It seems like the train that caught fire in Virginia was conveying new car models. It was initially believed that the fire started because the tank cars belonged to an older series which was known for its high risk of getting pierced.
CSX Corp., the company which owns the train, reported that all the 109 car trains were CPC 1232 models. These newer car versions are believed to be more resistant than the older 2011 DOT-111 cars which have been criticized by regulatory agencies and operators for some years now. The issue with these older models had arisen due to the high number of fire accident these cars were involved in. U.S and Canadian authorities are now trying to eliminate the 2011 models from usage.
On Monday Feb. 17, the CSX train was on its way to Yorktown, Virginia. It was carrying crude oil from North Dakota. The train did not reach its destination as it derailed in a small tow located 33 miles (or 54 km) southeast of Charleston. This accident resulted in about 10 of the CPC 1232 models to ignite and one to roll over and fall into the close by Kanawha River.
There were unfortunately no mortal accidents. There was some damage however, with one house being destroyed and two towns needing to evacuate for safety measures. The flames continued to burn until later that day as the cars were let to burn themselves out.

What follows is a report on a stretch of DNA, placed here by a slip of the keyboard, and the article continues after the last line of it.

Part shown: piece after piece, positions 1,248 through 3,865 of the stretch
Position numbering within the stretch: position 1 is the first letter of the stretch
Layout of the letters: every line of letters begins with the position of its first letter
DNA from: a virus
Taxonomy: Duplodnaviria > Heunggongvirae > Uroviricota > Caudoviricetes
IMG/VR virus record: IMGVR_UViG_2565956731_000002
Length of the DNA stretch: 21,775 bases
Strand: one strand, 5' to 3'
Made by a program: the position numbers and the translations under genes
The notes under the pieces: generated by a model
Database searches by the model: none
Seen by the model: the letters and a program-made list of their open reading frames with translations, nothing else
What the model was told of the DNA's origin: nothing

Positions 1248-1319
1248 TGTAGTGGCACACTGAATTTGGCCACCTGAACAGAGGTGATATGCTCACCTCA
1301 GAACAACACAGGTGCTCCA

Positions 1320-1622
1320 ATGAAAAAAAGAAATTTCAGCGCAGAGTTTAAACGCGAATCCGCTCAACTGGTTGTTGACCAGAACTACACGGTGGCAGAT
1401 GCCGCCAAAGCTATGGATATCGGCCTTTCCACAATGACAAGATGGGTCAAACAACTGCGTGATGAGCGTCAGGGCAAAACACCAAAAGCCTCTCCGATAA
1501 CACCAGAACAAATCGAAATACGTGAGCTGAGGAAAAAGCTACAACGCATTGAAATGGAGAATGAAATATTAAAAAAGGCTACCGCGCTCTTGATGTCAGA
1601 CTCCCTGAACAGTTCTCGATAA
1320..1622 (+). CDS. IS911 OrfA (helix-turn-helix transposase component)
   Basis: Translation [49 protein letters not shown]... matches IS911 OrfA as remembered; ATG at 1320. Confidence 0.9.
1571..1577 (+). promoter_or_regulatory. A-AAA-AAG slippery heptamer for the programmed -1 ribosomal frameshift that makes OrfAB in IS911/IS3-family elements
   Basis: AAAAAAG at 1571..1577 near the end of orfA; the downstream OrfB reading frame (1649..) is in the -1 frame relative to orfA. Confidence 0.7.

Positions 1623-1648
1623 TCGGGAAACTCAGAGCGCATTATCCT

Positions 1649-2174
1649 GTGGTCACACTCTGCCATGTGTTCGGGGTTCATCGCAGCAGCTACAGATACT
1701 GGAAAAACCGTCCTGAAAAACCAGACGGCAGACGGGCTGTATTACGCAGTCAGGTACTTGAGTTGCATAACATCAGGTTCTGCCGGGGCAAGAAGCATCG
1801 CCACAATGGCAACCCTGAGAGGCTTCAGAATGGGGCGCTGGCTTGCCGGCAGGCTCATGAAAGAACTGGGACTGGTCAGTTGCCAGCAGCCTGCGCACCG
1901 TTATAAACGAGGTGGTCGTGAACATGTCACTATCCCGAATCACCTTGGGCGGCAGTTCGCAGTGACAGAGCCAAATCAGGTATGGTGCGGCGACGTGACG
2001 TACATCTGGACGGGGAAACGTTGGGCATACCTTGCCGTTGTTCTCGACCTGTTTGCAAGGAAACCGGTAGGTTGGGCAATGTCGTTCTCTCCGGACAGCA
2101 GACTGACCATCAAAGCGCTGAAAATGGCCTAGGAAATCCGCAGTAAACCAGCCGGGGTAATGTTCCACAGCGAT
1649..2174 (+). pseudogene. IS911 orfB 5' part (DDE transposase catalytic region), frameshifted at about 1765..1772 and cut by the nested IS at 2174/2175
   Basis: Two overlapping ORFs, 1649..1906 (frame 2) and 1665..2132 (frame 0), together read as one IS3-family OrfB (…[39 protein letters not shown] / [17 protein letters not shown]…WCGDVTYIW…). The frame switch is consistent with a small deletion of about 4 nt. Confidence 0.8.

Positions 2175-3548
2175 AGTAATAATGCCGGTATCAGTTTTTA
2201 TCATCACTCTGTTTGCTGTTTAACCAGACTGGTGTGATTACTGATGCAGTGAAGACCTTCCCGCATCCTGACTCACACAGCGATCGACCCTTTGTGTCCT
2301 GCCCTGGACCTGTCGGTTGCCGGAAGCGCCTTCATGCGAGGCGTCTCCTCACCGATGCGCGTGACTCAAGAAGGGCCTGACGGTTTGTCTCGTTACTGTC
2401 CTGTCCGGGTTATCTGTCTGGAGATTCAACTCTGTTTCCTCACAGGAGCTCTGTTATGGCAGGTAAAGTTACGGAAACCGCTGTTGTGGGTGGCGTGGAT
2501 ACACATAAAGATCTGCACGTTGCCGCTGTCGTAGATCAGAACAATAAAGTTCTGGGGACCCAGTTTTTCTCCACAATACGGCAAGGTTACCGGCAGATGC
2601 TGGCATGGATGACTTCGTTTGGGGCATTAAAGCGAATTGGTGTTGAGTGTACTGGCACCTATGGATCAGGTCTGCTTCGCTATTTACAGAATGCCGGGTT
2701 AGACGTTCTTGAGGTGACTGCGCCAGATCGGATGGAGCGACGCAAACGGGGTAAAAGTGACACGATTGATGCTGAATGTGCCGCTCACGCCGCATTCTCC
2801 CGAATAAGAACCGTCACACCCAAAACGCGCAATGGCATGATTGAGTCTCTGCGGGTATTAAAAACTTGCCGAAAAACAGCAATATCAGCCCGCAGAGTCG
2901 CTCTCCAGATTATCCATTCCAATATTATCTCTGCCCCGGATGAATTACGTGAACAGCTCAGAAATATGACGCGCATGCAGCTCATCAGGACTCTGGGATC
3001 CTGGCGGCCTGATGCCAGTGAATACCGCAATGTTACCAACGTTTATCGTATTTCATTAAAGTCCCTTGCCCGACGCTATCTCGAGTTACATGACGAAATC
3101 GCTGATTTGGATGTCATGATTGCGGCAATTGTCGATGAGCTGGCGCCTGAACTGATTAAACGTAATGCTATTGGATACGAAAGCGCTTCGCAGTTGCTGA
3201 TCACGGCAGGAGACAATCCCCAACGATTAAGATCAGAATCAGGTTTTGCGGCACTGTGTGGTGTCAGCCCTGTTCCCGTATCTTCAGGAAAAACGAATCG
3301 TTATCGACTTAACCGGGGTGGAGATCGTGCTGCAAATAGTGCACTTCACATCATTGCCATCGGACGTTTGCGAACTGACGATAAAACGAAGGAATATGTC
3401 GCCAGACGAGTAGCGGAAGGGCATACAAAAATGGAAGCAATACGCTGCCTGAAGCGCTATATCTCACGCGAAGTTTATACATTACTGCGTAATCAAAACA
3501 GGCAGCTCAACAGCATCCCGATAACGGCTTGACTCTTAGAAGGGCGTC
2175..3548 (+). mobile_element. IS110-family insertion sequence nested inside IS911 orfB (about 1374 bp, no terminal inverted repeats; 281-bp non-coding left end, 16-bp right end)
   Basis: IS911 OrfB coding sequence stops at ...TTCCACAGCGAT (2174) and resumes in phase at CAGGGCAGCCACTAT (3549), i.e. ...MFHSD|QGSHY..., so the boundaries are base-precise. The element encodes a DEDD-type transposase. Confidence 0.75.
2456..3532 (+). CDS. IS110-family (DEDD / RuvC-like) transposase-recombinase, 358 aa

This incident took place only three days after a similar event took place. On Feb. 14, an oil train belonging to the Canadian National Railways was transporting oil from Alberta. The train derailed in a forested area in the north of Ontario. Out of the 100 cars, 29 derailed, 7 of which ignited. There were no victims reported.
This is also the CSX’s second train accident. The first incident took place in Lynchburg, Virginia when another train heading for the oil depots of Plains All American Pipelines in Yorktown, Virginia derailed.
The shipment of oils via rail has grown in the last years, but so has the number of derailments in North America.
Image Source: NY Daily News